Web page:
First cancer, now Western States

Granite Bay’s Sewell takes on 100-miler just 3 years after beating leukemia
By: Brett Ransford Journal Correspondent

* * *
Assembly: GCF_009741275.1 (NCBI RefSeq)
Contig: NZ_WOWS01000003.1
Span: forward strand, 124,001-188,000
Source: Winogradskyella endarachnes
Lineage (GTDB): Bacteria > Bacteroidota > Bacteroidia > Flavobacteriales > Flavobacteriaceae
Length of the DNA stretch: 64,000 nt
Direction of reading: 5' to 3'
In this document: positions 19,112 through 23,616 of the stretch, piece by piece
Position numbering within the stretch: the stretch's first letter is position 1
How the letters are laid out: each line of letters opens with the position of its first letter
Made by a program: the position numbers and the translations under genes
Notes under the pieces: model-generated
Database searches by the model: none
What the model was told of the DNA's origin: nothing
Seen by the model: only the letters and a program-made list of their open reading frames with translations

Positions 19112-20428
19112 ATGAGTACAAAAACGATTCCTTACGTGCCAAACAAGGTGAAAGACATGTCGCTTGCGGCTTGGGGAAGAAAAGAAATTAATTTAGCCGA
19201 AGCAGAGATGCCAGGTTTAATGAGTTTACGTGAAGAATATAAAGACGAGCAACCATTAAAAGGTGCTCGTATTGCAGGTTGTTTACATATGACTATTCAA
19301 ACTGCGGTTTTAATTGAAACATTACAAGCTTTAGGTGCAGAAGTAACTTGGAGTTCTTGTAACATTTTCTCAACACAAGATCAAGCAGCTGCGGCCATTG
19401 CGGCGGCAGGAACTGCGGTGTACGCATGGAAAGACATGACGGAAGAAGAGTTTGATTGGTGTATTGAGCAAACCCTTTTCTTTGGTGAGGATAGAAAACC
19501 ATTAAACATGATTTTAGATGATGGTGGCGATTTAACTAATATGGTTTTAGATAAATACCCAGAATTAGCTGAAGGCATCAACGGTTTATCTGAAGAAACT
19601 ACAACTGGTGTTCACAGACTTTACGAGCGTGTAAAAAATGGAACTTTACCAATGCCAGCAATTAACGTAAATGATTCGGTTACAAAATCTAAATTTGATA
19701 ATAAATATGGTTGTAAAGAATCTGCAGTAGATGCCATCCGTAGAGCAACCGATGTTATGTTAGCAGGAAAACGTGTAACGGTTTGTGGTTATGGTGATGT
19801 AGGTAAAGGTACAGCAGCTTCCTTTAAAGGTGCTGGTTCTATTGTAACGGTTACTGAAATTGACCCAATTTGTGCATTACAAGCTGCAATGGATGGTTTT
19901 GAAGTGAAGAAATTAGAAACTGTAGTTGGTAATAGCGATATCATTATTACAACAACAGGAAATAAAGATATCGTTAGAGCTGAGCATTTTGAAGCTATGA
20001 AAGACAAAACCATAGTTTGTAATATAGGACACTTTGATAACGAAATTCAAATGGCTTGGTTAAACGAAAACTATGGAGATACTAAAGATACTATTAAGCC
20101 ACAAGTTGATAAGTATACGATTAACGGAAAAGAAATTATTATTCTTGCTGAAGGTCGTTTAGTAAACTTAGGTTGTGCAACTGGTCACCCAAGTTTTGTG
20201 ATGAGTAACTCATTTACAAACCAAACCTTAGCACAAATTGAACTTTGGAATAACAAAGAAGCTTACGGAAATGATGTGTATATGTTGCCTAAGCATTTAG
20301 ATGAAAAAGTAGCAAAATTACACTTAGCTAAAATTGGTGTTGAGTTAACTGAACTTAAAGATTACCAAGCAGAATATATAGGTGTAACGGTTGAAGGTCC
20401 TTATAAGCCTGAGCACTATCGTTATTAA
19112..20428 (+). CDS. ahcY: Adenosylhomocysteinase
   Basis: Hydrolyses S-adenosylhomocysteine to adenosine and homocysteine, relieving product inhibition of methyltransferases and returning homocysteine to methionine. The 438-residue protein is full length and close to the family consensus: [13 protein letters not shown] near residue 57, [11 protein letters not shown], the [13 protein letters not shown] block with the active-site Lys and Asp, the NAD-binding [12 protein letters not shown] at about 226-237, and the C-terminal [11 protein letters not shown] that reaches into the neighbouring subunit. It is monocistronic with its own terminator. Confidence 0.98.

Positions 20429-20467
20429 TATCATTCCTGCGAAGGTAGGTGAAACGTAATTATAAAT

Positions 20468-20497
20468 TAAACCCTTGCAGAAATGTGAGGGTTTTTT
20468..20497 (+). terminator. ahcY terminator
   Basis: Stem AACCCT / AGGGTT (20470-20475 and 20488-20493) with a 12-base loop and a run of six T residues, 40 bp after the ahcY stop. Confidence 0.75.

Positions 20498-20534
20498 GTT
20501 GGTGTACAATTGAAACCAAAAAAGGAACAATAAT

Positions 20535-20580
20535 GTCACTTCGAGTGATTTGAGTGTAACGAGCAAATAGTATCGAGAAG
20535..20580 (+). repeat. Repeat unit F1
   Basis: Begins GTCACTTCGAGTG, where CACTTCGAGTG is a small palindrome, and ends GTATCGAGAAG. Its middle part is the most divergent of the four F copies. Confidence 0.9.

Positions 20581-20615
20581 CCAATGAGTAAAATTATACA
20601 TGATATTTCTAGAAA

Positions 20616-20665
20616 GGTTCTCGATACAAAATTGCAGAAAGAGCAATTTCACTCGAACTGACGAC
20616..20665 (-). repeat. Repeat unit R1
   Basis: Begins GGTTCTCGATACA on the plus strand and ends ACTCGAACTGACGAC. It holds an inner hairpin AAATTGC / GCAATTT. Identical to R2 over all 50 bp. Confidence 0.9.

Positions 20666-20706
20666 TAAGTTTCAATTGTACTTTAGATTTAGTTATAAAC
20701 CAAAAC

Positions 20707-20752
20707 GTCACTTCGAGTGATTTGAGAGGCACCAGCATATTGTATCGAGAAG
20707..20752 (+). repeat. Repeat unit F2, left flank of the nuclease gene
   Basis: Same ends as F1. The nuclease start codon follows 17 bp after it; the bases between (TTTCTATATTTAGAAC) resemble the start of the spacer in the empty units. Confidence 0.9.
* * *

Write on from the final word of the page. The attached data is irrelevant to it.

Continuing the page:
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When you have been through what Andrew Sewell has faced, running 100 miles may seem more like a walk in the park. The Granite Bay High graduate defeated leukemia in just over three years and now has his will set on the Western States Endurance Run. The 37th annual event spans from its starting point in Squaw Valley to Auburn this weekend. Nearly 500 runners from around the world are entered and two of those will be Sewell and his father, Garry. The difference three years can make is an experience Sewell said he wouldn’t trade for anything. “There is no way I can describe this experience to anyone who has not been through it themselves,” Sewell said. “It was an experience that changed my life completely. I learned, grew, and matured a lot because of my battle with leukemia and I feel like my whole family created a much stronger bond.” Andrew’s family includes his father, his mother Laurie, a 16-year-old brother and two sisters, ages 10 and 8. On Dec. 16, 2003 the Sewell family was enjoying their 12-year-old active Granite Bay Junior Grizzly football player catching passes and touching the end zone, but coming home with unusual and significant bruising. After a couple of months and exhausting medical checks and medications Garry took his son to the hospital due to more bruising. What began as blood tests would change his son’s life. “The three years of chemotherapy could be explained in volumes, but our amazing families and community of friends and associates supported us however we needed,” Garry said. “Andrew’s positive attitude was infectious. Andrew smiled and thanked the doctor after he just inserted the needle through his bone to extract bone marrow. He is constantly thanking those around him and encouraging those that need it.” Running 100 miles through the Sierra Nevada Mountains, he is sure to need as much encouragement as he can get. Home for the summer after his freshman year at Brigham Young University in Utah, Andrew spends his time working for the Eureka Union School District, Ace Hardware in Granite Bay and on an intense training routine. “My dad ran it in for the first time in 2003, the summer before I was diagnosed,” Sewell said of Western States. “I was completely fascinated by the fact that they ran all day and night and that they could accomplish such an amazing feat.” April 17, 2007 was another amazing day as Sewell finished his last chemotherapy treatments. “I was 15 when my treatment ended and I entered remission,” he said. “I made it my personal goal to get back in shape and become active again. These three years have been a very long road to get back in shape the way I have. I worked really hard to regain my strength and muscle mass lost as well as all the weight that I gained from my treatments.” During his senior year, Sewell played rugby, building up endurance toward the end of the season. At that point he ran his first 50-miler, qualifying among the ranks of 400 athletes out of nearly 1,500 to make the Western States. “Since then I have continued with my trail running and run in a few smaller races and another 50-miler,” Andrew said. “I fell in love with trail running and the adrenaline involved in night running and that love has stuck with me ever since.” A graduate of Del Oro High , Andrew’s father’s name still stands in the record books as a runner. “I did not run for over 20 years after high school,” Garry said. “I was talked into running once a week at night on the trails with my friend. He suggested I run an ultra-marathon and I ran the Way to Cool 50K. Within a month I was running a 50-miler and since I had run over 30 ultra-marathons with five finishes that qualified for the Western States.” When diagnosed Andrew worked with the Make-A-Wish Foundation, choosing to take what he gained from his experience and give back. He created a Web site,, to view and support Andrew and donate to the charities involved. Over the past three years the Sewell family has raised $10,000 through for Make-A-Wish, Camp Okizu, Leukemia Lymphoma Society and other charities. “I would like to say that I have so much respect, gratitude and love for our community and for the way they have supported me through the years,” Andrew said. “We are all capable of doing hard things in our lives. Don’t take life or anybody in it for granted. Set goals and don’t stop until you achieve them. Anything is possible if you set your mind to it.”